Thereafter, I completed my master’s degree at the University of West Florida and worked from 1972-1979 as a therapist in the Northwest Florida Mental Health Center, learning more from each unique client about the wisdom of the unconscious. I was endlessly fascinated by examples of ever present resilience and the inherent capacity to grow stronger through transformative trauma that we humans have in common. I have been in private practice since that time in various locations and have authored books and conducted hypnotherapy training for mental health professionals to promote this belief that we have far more power than we usually believe and that the answer within often manifests in surprising and delightful synchronicities. My approach to consultation, whether with individual clients, mental health professionals, or corporate groups is informed by my ongoing recognition that we have all of our feelings and perceptions by virtue of being alive and that often our greatest strength lies in those hidden aspects of ourselves that we may have been reluctant to reveal, believing them to be evidence of weakness or inadequacy. I, like Milton Erickson, assume an inner storehouse of unconscious treasure and my job is to inspire the necessary courage to illuminate and retrieve it.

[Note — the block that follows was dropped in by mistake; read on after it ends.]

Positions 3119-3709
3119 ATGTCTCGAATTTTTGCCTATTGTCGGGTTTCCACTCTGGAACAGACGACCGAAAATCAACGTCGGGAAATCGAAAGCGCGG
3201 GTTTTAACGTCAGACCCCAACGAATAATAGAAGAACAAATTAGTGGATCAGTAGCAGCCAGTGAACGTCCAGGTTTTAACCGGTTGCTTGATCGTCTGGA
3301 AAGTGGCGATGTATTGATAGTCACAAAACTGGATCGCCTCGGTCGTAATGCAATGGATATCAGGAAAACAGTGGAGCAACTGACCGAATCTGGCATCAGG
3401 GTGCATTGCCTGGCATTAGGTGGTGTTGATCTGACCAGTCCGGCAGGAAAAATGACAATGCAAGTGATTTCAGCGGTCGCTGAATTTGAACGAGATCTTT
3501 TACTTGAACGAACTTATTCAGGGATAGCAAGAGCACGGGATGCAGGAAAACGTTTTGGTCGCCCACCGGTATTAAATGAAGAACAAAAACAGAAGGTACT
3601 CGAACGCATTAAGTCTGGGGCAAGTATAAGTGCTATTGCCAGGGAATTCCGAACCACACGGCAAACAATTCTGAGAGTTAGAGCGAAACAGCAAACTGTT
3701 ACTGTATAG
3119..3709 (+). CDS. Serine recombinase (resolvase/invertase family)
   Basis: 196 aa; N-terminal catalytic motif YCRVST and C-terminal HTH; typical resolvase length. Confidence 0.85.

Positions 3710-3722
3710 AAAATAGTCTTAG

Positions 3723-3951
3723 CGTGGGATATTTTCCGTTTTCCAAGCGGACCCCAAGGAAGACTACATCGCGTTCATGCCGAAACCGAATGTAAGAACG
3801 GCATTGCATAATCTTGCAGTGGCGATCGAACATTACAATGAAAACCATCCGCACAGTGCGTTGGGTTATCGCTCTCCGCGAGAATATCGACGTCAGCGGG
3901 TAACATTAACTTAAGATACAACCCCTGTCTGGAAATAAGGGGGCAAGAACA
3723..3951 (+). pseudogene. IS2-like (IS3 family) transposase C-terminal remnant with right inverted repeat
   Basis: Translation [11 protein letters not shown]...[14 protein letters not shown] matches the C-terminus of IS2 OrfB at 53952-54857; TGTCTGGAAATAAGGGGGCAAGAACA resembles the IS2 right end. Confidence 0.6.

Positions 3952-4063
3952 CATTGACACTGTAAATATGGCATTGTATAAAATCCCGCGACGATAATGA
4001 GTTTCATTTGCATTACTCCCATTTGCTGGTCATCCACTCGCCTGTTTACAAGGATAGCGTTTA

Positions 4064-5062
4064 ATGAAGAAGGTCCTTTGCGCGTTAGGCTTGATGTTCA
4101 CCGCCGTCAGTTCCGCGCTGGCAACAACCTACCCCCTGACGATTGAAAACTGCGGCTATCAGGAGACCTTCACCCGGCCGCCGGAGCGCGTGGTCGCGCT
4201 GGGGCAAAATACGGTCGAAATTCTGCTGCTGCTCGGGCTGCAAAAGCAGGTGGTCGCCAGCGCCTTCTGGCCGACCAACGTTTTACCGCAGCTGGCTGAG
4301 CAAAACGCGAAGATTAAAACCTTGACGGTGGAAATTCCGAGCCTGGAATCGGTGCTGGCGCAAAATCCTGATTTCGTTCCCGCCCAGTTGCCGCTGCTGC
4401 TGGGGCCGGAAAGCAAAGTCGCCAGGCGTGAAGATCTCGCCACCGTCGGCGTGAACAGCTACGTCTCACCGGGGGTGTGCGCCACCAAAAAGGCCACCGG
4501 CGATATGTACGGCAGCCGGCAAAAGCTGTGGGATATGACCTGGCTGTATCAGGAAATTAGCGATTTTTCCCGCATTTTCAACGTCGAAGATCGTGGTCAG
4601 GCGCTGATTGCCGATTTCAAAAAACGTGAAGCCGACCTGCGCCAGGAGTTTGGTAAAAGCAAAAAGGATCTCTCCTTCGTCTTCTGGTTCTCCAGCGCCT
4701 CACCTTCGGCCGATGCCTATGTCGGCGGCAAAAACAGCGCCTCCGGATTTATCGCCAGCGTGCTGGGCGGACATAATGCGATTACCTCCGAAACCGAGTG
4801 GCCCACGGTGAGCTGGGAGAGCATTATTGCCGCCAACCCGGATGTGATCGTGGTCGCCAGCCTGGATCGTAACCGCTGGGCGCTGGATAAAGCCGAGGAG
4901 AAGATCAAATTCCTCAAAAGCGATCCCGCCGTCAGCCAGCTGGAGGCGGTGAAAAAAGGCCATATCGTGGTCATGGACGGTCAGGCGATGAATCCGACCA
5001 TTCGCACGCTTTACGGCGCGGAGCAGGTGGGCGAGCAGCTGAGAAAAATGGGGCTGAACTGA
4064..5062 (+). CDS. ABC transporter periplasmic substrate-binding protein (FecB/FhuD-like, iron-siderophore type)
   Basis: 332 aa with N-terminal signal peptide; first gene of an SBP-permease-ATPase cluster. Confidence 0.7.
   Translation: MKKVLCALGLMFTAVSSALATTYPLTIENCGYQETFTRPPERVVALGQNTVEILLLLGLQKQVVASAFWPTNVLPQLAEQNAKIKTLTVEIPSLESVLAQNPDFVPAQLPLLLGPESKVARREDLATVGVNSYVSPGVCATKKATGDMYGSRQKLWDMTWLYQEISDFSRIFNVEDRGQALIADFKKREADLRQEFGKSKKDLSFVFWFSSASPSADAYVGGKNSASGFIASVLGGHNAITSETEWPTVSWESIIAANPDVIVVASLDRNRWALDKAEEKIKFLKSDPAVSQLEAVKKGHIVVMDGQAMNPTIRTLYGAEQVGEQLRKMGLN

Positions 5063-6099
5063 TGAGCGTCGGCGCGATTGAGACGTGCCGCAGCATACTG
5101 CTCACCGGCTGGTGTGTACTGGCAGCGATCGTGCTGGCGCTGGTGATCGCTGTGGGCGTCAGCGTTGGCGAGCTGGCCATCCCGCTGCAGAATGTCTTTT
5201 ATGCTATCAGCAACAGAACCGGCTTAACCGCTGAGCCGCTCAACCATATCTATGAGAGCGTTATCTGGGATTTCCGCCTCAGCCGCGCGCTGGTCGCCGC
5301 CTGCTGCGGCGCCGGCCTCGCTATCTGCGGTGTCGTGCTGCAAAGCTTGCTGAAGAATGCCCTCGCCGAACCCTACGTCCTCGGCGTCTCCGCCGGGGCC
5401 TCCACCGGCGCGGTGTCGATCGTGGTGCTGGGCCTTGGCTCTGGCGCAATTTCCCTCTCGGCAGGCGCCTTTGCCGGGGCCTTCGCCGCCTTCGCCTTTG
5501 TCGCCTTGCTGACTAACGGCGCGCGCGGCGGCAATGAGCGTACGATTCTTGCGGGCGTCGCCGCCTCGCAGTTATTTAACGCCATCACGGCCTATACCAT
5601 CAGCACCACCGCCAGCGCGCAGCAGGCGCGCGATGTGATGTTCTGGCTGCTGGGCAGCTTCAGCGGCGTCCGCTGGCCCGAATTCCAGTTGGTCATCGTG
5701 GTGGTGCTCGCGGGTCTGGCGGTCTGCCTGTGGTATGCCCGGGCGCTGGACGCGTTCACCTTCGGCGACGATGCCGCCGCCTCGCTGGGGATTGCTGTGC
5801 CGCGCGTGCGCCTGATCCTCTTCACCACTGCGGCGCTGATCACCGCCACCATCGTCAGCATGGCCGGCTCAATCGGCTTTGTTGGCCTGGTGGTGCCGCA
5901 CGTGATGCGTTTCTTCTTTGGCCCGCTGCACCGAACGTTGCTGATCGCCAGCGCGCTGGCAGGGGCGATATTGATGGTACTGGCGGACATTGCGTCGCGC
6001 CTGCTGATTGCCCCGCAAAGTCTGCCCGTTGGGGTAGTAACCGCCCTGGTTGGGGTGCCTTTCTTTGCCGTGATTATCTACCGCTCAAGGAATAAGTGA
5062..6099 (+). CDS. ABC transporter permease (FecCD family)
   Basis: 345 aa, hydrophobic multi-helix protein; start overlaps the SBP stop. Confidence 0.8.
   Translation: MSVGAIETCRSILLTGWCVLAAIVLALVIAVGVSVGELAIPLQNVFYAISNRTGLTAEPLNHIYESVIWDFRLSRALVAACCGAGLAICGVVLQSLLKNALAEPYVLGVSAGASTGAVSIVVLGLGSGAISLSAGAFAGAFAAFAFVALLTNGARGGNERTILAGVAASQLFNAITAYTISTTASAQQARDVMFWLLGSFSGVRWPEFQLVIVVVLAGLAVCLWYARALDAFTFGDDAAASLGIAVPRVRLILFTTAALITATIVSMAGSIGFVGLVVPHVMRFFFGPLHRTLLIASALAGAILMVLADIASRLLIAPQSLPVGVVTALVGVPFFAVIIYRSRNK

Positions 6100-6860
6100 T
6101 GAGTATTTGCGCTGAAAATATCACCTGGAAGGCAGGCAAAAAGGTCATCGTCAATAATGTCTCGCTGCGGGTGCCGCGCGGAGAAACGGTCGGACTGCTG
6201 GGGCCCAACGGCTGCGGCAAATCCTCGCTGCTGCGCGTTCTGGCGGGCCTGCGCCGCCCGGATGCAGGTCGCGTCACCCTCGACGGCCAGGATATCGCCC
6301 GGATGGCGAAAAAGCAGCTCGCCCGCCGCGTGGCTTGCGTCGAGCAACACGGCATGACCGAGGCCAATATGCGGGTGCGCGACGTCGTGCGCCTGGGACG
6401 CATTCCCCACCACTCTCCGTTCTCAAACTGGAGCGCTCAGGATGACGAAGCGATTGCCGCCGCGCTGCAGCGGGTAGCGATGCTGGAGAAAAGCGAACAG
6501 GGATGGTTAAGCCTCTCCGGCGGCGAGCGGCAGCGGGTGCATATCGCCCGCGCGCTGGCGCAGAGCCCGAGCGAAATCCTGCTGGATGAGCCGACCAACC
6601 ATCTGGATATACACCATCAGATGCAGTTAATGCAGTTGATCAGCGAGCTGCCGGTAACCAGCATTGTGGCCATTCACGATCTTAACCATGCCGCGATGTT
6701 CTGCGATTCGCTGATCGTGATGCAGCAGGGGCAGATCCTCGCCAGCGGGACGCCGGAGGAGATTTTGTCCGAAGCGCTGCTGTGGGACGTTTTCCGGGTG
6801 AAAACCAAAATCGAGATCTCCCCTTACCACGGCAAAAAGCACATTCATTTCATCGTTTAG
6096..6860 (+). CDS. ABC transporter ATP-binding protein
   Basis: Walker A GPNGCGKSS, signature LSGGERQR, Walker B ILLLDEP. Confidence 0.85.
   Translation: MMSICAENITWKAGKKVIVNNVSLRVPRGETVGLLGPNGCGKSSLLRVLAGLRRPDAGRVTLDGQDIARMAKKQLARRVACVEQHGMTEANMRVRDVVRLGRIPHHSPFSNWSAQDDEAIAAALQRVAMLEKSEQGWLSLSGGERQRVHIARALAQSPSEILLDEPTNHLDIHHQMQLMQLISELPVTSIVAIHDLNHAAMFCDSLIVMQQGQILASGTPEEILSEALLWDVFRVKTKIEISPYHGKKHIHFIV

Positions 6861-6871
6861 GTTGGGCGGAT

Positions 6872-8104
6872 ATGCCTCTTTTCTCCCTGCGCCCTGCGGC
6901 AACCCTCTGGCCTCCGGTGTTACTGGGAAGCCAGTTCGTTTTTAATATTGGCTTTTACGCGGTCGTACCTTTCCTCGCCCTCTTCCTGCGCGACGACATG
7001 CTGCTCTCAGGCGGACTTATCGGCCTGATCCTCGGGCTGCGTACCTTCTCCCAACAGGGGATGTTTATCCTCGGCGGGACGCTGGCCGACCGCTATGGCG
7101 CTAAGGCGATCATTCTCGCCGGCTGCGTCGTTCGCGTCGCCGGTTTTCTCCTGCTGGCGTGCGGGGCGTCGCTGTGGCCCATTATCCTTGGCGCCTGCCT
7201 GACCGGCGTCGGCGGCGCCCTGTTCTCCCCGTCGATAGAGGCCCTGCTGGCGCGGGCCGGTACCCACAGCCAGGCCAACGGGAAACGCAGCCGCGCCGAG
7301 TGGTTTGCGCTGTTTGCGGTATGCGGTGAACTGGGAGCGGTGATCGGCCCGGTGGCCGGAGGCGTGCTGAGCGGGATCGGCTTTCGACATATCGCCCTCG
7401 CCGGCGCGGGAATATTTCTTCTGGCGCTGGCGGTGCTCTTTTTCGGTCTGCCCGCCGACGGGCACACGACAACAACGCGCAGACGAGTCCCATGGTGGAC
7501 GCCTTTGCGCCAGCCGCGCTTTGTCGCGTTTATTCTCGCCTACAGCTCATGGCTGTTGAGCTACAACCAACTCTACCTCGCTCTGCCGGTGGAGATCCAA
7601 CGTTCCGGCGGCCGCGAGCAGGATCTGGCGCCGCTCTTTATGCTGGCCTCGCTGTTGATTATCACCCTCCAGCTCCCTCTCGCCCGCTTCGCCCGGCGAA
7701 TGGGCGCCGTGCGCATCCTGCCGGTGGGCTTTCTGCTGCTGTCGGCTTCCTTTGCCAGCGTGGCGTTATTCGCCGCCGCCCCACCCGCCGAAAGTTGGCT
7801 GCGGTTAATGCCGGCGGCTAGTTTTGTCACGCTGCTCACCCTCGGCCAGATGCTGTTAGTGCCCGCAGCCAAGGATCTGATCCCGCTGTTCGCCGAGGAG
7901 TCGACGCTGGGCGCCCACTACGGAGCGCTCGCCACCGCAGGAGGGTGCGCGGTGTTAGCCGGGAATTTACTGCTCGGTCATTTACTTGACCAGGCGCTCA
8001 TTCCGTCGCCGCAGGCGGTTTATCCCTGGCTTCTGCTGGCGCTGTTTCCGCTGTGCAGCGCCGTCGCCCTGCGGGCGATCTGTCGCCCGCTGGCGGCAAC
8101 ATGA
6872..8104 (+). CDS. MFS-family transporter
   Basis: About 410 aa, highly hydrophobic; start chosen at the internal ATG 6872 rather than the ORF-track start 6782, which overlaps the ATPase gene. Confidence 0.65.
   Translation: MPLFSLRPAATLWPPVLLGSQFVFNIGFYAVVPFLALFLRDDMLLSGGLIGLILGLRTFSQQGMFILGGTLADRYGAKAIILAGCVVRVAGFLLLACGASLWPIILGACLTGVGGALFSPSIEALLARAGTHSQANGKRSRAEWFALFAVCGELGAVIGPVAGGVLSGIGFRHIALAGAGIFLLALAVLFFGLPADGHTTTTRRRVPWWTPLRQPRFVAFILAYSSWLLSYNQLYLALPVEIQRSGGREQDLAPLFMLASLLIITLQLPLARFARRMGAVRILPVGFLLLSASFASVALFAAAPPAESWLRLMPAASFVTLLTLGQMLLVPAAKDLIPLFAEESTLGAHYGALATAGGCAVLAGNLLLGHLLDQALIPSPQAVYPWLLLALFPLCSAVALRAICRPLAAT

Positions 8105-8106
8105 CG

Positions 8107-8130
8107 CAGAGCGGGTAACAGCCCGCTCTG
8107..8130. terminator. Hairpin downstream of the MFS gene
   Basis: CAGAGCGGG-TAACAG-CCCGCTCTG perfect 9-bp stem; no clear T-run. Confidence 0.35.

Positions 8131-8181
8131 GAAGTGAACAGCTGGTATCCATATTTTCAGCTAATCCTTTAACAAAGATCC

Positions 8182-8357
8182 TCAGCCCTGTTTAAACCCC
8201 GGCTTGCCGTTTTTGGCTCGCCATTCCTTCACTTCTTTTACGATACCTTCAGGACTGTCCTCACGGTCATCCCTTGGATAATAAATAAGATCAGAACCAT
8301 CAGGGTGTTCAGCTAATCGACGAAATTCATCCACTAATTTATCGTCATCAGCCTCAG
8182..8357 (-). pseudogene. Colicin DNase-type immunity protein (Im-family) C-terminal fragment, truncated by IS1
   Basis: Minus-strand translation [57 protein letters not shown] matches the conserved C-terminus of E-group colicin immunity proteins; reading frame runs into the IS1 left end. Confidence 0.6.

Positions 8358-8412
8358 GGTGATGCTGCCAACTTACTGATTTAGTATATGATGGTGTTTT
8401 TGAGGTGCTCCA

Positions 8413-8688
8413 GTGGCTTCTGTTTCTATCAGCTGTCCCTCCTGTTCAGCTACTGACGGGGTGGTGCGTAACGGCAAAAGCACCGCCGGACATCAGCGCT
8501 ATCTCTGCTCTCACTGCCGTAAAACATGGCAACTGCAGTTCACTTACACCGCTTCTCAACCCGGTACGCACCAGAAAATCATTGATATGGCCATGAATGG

And back to my personal path in 2001, trudging along on the Enlightenment Intensive quest to know myself, I finally found the courage to simply open the previously locked doors and haul out every painfully vulnerable aspect of myself I had been trying to hide all my life. And in that moment, I realized that hiding really gets in the way of acceptance and connection. My current philosophy is to immerse myself in the river of ongoing experience with the conviction that I’m always going to be able to learn something from everything that happens and thus to remain open to that learning process and grateful to it, no matter what. The ancient poet, Rumi, expressed this same philosophy in his poem, ‘The guest house’:

“This being human is a guest house.
Every morning a new arrival
A joy, a depression, a meanness,
some momentary awareness comes
as an unexpected visitor.
Welcome and entertain them all!
Even if they’re a crowd of sorrows
who violently sweep your house
empty of its furniture,
still, treat each guest honorably.
He may be clearing you out
for some new delight.
The dark thought, the shame, the malice,
meet them at the door laughing,
and invite them in.
Be grateful for whoever comes,
because each has been sent
as a guide from beyond.”

From The Essential Rumi, page 109, translated by Coleman Barks